Brain map sheds light on how we process language


Everyone's brains appear to fire up in similar regions when grappling with the meaning of words. Amy Middleton reports.



New research mapping the brain’s “semantic system” – regions that work together to derive meaning from words we hear every day – shows that language is processed across the entire brain, rather than just in the left hemisphere, as previously thought.

What is more, the processing regions are remarkably similar in each individual.

For the study, led by Jack Gallant at the University of California, Berkeley, seven participants listened to narrative stories for two hours, while their brain activity was monitored by MRI.

“Most earlier studies of language in the brain have used isolated words or sentences,” the researchers explain. “We used natural, narrative story stimuli because we wanted to map the full range of semantic concepts.”

The stories contained different concepts including descriptions of people, food and tools, and the researchers recorded which regions of the brain were activated on hearing about these different topics.

They found that people appear to process language about certain topics in similar brain regions.

“Our study found that different individuals have remarkably similar semantic maps,” the research says.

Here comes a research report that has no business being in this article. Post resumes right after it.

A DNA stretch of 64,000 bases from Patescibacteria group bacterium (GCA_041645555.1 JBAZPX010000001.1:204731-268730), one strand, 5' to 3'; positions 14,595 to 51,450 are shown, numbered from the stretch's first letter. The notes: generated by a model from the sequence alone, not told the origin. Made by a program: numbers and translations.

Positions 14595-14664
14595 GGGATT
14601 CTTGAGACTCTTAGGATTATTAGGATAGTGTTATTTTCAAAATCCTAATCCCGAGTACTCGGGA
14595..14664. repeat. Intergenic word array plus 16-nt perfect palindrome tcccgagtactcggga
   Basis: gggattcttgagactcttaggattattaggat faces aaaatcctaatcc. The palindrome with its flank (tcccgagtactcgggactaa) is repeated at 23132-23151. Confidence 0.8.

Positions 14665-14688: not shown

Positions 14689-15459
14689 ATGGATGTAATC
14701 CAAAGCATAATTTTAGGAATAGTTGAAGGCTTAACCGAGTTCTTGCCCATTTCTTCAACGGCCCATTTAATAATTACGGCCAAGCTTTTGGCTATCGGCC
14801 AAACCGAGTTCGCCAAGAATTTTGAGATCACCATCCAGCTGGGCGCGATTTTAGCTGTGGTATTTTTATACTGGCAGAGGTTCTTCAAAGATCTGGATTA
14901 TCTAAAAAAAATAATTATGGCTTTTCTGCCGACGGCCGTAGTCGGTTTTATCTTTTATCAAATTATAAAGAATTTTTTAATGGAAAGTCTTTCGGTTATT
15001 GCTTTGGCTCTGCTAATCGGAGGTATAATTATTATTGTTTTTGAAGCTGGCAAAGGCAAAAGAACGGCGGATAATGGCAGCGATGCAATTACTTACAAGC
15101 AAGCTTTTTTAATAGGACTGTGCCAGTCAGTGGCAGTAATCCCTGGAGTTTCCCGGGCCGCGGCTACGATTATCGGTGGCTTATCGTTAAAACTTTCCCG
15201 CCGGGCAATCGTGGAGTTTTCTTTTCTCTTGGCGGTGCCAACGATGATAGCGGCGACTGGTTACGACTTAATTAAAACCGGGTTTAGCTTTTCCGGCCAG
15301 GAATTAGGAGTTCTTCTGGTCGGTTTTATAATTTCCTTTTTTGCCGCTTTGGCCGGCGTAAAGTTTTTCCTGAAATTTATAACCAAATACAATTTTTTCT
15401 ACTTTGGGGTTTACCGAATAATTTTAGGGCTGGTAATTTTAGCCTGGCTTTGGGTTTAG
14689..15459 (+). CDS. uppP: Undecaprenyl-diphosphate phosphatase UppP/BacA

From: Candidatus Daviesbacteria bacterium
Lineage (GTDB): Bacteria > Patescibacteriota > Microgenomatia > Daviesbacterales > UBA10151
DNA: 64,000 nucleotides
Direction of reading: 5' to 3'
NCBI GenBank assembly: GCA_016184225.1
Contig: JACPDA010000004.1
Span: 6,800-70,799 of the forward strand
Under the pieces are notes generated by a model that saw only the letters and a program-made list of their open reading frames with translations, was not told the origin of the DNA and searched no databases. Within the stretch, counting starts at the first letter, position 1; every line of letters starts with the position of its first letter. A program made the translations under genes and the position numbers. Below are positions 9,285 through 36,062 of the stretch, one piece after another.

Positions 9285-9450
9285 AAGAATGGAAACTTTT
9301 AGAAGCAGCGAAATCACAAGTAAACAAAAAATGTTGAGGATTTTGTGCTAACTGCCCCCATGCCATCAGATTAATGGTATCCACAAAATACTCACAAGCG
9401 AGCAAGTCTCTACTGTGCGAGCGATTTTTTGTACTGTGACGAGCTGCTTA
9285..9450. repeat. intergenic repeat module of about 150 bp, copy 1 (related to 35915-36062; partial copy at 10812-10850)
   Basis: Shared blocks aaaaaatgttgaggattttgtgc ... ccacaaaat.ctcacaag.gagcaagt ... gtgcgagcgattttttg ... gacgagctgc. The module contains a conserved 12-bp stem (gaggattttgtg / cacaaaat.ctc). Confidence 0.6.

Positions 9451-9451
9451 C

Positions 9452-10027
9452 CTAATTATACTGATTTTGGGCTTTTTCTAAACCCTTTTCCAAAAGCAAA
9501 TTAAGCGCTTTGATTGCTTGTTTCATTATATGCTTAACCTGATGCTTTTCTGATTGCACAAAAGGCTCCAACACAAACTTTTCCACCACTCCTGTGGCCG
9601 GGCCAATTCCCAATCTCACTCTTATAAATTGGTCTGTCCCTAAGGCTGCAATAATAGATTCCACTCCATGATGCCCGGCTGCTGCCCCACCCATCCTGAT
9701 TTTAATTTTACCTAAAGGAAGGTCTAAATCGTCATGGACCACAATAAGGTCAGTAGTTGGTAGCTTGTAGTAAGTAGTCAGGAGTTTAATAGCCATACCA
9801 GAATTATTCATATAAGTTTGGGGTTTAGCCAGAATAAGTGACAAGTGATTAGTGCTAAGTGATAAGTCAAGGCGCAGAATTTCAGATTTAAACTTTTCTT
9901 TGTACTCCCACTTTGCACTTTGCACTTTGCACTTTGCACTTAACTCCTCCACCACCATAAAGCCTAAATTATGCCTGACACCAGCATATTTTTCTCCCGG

For example, most of us comprehend words about people in a particular part of our brain, which is surrounded by other parts that process visual words, number words, and words about touch. More than 100 different parts of the brain, across both the left and right hemispheres, were part of this semantic system.

The team has developed a sort of atlas, outlining which parts of the brain process meaning across different language topics.

“The resulting maps show that semantic information is represented in rich patterns that are distributed across several broad regions of cortex,” say the researchers.

“Furthermore, each of these regions contains many distinct areas that are selective for particular types of semantic information, such as people, numbers, visual properties, or places.”

The researchers acknowledge that the similar life experience across all the participants may have contributed to the results, and further studies are needed to expand upon the findings.

The study was described in the journal Nature.

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